Science Center Objects

Mobile technologies, from feature-laden phones to wearable computing devices, are changing the face of field research. Scientists are now able to track the movement of wildlife in near real time, capture more and various types of survey data conveniently, and discover critical information about a sample site prior to data collection. The Information Science Branch provides support for all of these capabilities, focusing mobile technology research on targeted scientific issues.

ScienceCache screen shot.

ScienceCache - Principal Investigator - Tim Kern

Working with the Northern Rockies Science Center, the Information Science Branch designed and developed ScienceCache, a scientific geocaching mobile application framework. Initially developed for citizen science data collection, the application was extended to work for any field data collection effort. The lead researcher controls the data collection route, collection forms, and data repository through a web application, and mobile app presents that configuration to the mobile user.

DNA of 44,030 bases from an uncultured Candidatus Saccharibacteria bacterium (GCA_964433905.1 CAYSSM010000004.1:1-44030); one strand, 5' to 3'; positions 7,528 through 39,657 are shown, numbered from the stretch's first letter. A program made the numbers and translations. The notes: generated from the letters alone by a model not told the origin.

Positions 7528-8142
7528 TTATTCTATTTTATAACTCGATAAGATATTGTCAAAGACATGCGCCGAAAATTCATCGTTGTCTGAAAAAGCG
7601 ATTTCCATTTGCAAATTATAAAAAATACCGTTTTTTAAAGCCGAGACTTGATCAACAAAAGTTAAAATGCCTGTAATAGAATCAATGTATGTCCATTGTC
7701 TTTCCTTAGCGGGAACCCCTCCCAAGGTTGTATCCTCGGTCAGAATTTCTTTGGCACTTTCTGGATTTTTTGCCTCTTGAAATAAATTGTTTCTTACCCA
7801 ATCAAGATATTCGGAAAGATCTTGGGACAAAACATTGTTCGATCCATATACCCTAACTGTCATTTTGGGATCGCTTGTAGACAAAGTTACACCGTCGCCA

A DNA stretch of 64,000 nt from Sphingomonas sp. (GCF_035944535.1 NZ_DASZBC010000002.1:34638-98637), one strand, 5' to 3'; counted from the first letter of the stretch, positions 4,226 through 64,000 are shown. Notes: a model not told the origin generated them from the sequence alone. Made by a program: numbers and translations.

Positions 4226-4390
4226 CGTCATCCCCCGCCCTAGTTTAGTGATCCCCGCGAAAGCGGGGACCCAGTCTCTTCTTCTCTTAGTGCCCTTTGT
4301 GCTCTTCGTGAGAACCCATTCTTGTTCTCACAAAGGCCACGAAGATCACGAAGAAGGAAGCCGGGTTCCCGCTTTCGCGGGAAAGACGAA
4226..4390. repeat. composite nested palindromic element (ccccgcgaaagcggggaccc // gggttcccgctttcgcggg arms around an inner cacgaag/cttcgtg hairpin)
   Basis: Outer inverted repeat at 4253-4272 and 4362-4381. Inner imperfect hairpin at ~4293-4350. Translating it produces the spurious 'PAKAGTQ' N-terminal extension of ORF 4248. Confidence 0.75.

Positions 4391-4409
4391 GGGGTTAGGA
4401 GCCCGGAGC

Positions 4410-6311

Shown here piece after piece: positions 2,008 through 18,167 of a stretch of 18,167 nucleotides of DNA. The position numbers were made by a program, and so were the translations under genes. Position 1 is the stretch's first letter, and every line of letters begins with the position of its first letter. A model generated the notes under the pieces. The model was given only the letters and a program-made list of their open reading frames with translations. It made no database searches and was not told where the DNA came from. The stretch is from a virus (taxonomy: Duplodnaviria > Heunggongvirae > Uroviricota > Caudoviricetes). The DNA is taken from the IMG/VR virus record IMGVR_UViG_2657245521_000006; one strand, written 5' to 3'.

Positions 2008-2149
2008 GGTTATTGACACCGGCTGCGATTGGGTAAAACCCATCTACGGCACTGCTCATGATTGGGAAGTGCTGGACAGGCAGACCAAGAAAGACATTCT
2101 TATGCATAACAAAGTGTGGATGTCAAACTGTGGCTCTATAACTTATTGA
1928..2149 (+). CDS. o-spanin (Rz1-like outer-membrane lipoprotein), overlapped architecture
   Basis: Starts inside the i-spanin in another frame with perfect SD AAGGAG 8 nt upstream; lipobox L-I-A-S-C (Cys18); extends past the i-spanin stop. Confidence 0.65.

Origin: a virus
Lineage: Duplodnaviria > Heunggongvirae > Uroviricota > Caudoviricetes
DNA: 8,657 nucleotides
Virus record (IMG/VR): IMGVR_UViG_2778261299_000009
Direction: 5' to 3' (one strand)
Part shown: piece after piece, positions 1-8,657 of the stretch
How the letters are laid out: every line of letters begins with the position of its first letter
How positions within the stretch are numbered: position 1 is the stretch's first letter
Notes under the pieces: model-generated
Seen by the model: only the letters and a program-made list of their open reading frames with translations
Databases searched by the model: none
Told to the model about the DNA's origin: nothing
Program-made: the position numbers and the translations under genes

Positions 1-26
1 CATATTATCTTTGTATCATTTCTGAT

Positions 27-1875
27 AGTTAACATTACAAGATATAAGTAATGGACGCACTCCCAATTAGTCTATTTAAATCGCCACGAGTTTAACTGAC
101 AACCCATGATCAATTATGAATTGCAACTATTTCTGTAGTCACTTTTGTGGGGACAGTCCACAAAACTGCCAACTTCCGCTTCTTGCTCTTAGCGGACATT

Image: Endangered California Condor

An endangered California condor flies over the Bitter Creek National Wildlife Refuge, California. USGS scientists are helping managers understand how California condors use their habitat. Public domain.





Using Cell Technology to Track Species Movement - Principal Investigator - Tim Kern

The Information Science Branch explored and developed ways to track species locations using a standard cellular phone network. This technology provides more tracking data at a faster rate and lower cost than traditional satellite tracking systems. The initial implementation of this approach currently provides support for the California Condor recovery program and is being extended to include other critical species. These wildlife tracking datasets are crucial for understanding species ranges, seasonal migration patterns, habitat use, effects of habitat disturbance, and individual behavior patterns.